Wednesday, March 12, 2014

Work in Progress Wednesday: Grog tests

The only work being done this week in my studio is grog tests for tiles. It's not too exciting- though it is exciting to see the pattern play out over more than one tile (the bottom left hand corner has one wonky tile from the first mold I made- I just used it to get done a little quicker- it's total crap- so happy I squared things up). So you can see how the pattern will repeat- I'm pretty pleased with it- though the real test will come after it's glazed.

Okay let's get a little technical- I'm using Plainsman M390 clay for these tiles- mainly because it's what I use for everything else- it's a good plastic clay- that holds up well to hand building, and is really white once fired so it looks good with bright colour glazes. I'd like the tiles to be glazed with my regular glazes- so I don't have to worry about testing and formulating new glazes- so M390 it is. The only thing about this clay is that it's not grogged- and non-grogged clay leads to warping and irregular shrinking, and it's tougher to work with as a tile. So I'm opting to try and add fine grog (fired clay dust basically) to the M390.  I'm also trying out some homemade paper clay (by wedging 1 ply toilet paper into the wet clay).

My method for adding the grog is to wedge it into wet clay- I know this makes my measurements a bit off percentage-wise- by adding dry grog to wet clay instead of dry grog to dry clay- I'll end up with a higher grog percentage, But all my percentages will be higher- so when I say 5 percent it's probably closer to 7, 2.5 closer 3.5 etc. Also I don't want to go to the trouble of mixing my clay from dry- unless I have to- I think it's safer for my lungs to work with the grog if I incorporate into wet clay because it's less dusty.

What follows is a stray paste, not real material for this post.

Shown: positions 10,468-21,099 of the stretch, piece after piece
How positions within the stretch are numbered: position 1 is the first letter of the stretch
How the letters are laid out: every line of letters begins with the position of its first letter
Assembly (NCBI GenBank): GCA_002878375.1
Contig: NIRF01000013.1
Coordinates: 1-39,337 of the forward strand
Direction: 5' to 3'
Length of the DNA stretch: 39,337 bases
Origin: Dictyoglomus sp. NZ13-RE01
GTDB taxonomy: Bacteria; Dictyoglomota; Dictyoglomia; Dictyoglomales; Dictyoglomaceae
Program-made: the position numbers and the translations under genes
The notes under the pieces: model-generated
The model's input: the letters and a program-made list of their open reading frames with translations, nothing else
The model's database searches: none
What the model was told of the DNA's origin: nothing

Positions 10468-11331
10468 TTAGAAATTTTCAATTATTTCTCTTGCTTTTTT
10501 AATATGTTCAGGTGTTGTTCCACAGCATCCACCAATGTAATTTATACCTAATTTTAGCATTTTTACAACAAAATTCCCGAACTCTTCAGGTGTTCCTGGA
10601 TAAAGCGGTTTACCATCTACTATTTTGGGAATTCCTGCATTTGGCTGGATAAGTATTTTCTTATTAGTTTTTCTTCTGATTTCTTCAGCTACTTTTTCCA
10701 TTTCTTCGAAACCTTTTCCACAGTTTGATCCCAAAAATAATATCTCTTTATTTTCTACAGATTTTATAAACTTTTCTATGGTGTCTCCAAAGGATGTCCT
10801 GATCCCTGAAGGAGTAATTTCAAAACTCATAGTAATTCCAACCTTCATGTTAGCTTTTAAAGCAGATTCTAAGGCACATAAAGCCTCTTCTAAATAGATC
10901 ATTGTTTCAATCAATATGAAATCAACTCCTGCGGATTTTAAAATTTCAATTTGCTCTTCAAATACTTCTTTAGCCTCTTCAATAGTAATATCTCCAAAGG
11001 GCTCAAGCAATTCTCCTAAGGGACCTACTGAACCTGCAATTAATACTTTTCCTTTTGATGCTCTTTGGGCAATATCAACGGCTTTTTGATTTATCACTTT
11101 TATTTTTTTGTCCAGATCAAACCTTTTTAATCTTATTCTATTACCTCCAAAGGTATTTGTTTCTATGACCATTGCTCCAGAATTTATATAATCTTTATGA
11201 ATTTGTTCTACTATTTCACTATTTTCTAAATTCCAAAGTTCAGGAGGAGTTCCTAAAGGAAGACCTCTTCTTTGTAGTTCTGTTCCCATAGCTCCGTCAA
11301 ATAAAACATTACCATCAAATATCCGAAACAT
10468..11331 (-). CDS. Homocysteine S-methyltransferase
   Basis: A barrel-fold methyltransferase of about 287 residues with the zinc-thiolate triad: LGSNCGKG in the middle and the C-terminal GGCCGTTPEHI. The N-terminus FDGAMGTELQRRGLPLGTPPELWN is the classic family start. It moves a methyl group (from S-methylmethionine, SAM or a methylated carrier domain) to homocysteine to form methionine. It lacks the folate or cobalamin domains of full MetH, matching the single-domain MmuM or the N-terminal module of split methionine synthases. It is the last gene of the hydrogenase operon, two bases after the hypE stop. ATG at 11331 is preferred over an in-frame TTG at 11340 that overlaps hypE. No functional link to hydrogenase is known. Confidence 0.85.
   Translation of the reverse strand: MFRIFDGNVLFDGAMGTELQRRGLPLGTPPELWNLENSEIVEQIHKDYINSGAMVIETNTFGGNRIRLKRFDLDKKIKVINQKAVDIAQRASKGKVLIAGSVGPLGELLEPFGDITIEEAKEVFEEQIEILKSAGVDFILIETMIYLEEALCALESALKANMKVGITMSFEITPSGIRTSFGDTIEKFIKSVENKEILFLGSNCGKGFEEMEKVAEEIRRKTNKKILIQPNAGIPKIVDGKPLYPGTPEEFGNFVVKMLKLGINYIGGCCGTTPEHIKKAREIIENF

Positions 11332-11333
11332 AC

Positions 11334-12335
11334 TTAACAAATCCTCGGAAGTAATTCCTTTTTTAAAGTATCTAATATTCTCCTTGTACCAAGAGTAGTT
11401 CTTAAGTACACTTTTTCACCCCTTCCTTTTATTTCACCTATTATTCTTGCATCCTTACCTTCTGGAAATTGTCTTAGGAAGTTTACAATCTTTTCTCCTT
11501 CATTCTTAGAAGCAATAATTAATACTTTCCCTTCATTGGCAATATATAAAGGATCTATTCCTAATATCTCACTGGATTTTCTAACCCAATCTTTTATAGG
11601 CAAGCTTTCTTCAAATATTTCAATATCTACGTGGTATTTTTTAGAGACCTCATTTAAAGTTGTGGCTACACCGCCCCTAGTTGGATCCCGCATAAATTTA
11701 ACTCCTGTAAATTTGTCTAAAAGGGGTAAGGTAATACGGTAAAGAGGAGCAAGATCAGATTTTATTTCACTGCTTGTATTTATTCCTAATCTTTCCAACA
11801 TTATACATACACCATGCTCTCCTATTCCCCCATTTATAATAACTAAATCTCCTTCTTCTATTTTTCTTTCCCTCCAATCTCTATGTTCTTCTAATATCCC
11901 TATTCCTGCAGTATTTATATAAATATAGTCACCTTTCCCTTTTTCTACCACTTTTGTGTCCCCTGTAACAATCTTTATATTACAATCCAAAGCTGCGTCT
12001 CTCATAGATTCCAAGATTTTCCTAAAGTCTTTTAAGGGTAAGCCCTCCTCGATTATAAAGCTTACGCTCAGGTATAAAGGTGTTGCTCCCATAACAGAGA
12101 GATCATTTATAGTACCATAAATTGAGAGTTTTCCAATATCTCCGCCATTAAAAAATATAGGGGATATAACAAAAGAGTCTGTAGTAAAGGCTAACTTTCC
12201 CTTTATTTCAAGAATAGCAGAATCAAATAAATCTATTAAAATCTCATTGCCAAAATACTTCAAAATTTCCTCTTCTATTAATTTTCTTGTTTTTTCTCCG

I started with 10 % dry grog ( 100 g grog - 1000 g wet clay) It was difficult to wedge in, and not very plastic, the clay got very dry, fast, it was unworkable.  I diluted the 10% mix  down to 5% by adding another 1000g wet ungrogged clay. The 5% clay was slightly dry, but as a result it came out of the mold quickly, and it dried nicely, the 2.5 % was not as quick to unmold- but it was a bit smoother- and dried down more, the.75% was smoother still- but also not as quick to unmold- it was the most like working with plain M390.

So far I like the 5% the best; the tiles dried very flat- they felt more solid and thicker right from the mold- they could handle a bit of sliding and flipping without deforming. My only concern is on how the grog will fire- Straight from the bag it looks grey- and I wonder if I'll be left with grey flecks in the white tile. That's why I'm also trying Paper clay (clay with paper fibers in it)- which would undoubtedly fire white.

Also I'm using a trick to help the tiles dry flat- waxing the edges with wax resist- so that they dry more slowly than the center. This works great for me, I've gotten the plain M390 tiles to dry flat with waxed edges and careful covering- but I'd rather have a sturdier clay mix so it's not as finicky. Next I'll get my paper clay samples done, and then make a bunch of stuff to fill the kiln so I can get firing these guys.


  1. I like your tiles, Angela. You lost me on all the technical parts as I've never worked with clay, but it sounds fun. What will the tiles be for when you get them right?

    1. Thanks!- these guys will be for the kitchen back splash, once I get them all done.

  2. Yes, what Cristal said, plus: It's a lovely, elegant pattern.